The Wrestler and the Diamond Ring (part 4)

The essence of my plan had been sound. Gambling on the principle that there is no honour amongst thieves, I had led Professor Chance to believe that May Dixon had betrayed his trust, anticipating that he would then turn evidence against her. The truth vis-a-vis Lady Duff-Gordon’s diamond ring and Armand Cherpillod’s innocence would surely emerge thereafter.

Admittedly, I came rather closer to being tossed off a sixth-story balcony than I’d have liked, but once they were both in police custody, Chance and May Dixon did, indeed, turn against each other. Unsuspecting of my lip-reading talents, neither could account for my foreknowledge of their burglary other than by secret collusion.

Mr. Cherpillod was released from Wandsworth in due course, and shortly thereafter I was pleased to accept Persephone’s invitation to a soirée in his honour, held at the Bartitsu Club.

When we were introduced he kissed my hand in gratitude, then blushed like a school-girl; the champion Swiss wrestler was, indeed, that rare bird that Persi and her uncle Edward had described, a genuinely humble athlete.

There followed an evening of the most stimulating conversation – one highlight being a hilarious account by William Grenfell, the Baron Desborough, of his adventure swimming the rapids at Niagara Falls – leavened by a lively bout at the rapier and dagger performed by Captain Hutton, the Club’s fencing master, and his pupil, Esme Beringer. Later on, Toupie Lowther favoured us with stirring solo performance of See, the Conq’ring Hero Comes, in Armand’s honour; she possessed a very fine singing voice and evidently also a fine wardrobe of gentleman’s attire.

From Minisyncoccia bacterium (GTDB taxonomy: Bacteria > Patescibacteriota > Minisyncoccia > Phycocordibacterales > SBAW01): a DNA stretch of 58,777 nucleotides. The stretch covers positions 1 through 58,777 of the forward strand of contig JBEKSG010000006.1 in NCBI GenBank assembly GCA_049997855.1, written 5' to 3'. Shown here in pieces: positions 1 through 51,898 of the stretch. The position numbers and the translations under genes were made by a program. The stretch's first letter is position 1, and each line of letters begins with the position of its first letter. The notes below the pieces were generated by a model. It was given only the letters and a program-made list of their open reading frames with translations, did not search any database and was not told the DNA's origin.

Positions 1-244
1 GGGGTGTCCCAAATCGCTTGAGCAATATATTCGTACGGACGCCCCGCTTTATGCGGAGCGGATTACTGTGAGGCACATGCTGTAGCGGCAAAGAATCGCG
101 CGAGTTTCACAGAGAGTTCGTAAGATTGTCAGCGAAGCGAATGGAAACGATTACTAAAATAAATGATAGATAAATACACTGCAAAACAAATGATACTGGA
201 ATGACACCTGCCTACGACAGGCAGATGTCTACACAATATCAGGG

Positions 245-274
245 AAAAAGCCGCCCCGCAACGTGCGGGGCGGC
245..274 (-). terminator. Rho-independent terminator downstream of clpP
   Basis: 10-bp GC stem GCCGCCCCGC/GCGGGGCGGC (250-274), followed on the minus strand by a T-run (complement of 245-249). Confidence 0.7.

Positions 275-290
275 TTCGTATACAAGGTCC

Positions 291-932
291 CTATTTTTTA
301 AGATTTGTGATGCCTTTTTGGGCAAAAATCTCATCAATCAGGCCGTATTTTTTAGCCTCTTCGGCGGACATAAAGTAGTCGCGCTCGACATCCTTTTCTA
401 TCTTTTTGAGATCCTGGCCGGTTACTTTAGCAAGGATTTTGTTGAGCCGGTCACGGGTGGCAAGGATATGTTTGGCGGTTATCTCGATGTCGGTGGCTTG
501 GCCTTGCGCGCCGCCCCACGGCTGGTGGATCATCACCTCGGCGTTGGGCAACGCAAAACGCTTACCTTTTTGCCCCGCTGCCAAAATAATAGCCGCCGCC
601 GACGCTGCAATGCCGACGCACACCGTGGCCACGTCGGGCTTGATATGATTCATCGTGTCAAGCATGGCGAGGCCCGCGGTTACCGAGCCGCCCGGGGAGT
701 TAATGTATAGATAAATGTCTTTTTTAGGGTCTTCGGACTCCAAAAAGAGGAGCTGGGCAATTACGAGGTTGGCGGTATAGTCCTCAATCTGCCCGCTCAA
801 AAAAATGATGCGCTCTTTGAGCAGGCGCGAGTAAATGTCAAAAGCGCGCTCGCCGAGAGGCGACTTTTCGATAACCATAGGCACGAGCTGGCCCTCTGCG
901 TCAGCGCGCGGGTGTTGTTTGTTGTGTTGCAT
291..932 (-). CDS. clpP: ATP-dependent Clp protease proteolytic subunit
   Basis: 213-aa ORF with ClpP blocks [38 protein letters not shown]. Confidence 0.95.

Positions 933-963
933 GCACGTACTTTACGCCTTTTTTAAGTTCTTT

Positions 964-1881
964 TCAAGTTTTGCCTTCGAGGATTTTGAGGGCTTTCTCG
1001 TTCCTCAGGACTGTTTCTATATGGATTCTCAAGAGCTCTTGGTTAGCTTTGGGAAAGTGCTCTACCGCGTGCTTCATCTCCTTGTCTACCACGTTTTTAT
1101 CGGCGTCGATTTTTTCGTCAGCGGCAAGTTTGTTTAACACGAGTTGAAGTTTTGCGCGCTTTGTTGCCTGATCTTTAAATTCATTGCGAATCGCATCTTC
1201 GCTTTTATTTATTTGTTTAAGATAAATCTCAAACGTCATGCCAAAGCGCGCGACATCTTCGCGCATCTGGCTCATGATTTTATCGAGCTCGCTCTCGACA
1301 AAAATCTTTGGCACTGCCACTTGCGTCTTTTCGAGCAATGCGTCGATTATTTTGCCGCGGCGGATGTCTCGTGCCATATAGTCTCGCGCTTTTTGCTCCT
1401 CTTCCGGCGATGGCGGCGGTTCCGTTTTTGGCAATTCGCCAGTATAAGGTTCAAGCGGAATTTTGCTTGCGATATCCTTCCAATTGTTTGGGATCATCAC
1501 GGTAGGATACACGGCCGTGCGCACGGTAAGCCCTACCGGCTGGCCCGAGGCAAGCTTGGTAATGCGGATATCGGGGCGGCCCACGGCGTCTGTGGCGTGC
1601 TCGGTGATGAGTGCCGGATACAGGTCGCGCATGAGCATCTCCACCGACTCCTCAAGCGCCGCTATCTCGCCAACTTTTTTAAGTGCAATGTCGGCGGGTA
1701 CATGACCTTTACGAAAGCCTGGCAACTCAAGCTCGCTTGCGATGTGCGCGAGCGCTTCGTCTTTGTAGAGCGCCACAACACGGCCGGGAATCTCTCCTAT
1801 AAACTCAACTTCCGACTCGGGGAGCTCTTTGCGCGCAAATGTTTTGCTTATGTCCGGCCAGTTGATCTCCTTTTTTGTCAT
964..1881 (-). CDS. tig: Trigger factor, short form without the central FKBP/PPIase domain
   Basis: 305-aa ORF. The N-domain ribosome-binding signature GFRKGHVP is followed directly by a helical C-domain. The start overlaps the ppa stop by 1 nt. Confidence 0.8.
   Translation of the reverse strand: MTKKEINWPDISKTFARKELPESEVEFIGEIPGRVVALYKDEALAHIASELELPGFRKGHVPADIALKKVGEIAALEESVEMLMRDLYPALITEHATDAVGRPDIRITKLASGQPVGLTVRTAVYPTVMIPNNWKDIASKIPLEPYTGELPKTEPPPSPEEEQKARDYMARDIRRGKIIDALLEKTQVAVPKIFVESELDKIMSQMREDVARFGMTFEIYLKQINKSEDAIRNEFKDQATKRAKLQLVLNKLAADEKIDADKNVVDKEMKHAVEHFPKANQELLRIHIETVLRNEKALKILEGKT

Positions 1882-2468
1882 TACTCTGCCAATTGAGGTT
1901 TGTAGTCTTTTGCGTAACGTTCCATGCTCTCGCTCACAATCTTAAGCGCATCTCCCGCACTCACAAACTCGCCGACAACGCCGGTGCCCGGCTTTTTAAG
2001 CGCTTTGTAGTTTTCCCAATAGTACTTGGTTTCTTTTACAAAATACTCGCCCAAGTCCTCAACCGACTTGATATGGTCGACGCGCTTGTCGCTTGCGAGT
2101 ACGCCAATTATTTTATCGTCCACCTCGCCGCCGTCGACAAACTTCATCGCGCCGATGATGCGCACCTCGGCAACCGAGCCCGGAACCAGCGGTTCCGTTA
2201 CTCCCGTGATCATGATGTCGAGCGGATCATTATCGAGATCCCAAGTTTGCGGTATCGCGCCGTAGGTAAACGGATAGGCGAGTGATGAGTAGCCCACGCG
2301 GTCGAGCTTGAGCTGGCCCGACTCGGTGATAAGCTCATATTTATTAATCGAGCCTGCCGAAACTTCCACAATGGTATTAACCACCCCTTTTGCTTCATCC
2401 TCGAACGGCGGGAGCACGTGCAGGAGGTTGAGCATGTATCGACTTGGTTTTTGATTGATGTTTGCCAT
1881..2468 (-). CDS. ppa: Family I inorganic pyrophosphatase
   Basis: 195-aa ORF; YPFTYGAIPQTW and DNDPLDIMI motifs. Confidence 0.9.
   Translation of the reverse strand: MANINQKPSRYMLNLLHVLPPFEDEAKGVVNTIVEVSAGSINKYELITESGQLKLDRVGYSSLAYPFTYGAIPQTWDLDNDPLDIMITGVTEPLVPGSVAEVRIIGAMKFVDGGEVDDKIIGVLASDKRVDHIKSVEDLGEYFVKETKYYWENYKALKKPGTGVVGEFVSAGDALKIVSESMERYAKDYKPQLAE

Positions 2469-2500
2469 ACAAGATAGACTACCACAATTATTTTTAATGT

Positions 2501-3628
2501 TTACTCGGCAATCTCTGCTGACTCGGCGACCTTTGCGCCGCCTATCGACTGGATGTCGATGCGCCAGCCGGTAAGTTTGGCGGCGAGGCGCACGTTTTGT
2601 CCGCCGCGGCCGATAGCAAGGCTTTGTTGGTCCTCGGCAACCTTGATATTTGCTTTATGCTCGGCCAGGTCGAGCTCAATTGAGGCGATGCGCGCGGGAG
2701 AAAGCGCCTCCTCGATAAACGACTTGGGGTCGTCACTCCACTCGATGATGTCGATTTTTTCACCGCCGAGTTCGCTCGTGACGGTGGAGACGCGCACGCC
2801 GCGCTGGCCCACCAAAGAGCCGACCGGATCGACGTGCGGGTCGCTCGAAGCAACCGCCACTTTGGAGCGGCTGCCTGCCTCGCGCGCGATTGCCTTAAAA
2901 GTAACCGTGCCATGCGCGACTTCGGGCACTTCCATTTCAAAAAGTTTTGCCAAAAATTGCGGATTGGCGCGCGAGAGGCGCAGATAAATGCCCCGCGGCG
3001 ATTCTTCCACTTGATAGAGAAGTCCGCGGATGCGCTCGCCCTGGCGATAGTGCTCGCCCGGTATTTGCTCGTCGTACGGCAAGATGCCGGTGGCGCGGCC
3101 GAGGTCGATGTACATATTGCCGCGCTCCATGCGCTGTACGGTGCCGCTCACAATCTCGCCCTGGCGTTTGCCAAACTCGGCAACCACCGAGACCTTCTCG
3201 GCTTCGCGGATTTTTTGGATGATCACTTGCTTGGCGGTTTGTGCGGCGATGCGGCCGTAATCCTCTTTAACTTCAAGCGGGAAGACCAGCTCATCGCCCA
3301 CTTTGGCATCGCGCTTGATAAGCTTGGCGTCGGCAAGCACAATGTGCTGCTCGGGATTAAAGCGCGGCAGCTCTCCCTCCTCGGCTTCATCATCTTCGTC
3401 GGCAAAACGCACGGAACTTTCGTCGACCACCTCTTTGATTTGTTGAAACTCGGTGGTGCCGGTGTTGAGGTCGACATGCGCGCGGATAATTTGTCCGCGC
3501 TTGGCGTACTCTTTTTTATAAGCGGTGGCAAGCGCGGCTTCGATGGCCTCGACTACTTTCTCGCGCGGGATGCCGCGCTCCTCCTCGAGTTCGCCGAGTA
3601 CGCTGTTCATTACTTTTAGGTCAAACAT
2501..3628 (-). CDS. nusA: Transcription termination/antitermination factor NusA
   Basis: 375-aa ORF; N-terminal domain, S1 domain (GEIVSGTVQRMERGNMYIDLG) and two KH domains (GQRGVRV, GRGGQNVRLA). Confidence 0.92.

By eleven o’clock the soirée was winding down and I was just making the rounds of fond farewells when Persephone asked, sotto voce, if I might tarry a while longer. She led me to the back of the hall, then through a doorway, up a short flight of stairs and into a corridor upon whose dark, oak-panelled walls were hung numerous small framed photographs of men and women posing in attitudes of defence. Persephone paused before one of these – it appeared to be a photograph of Theodore Roosevelt posing with Persi’s Uncle Edward, both of them clad in jiu-jitsu garb – and, reaching out with her right hand, gave the frame a quarter-turn to the left. I heard a quiet click and the oak panel swung open.

Following Persi through the secret door, I found myself standing on the sturdy grille of a fire escape platform, overlooking the shadowy gardens of St. Anne’s Church and convent next door.

“So, Judith,” she began, “what do you think of my uncle’s Club?”

“There’s an air of benevolent mystery about it,” I observed, as Persi busied herself fitting a cigarette into an ivory holder. “This evening I’ve met aristocrats, politicians from both sides of the House, actors, soldiers, suffragettes, big-game hunters, artists – it’s a melting pot, which suits me well.”  Just then a flash of movement across the shadowy lawn below caught my eye, and as I peered down into the gloom I saw a pair of foxes racing.

“I’m so glad to hear that,” she said, and she handed me a small card – a Bartitsu Club membership card, in fact, with my own name embossed upon it in silver script.

“Uncle Edward hopes that you will accept this as a token of our thanks,” she beamed. “It’s a lifetime membership. We know that you never accept payment for your ‘little services’, but surely a thorough knowledge of Bartitsu will stand you in good stead …”

Indeed so, as it transpired; but those are other stories.


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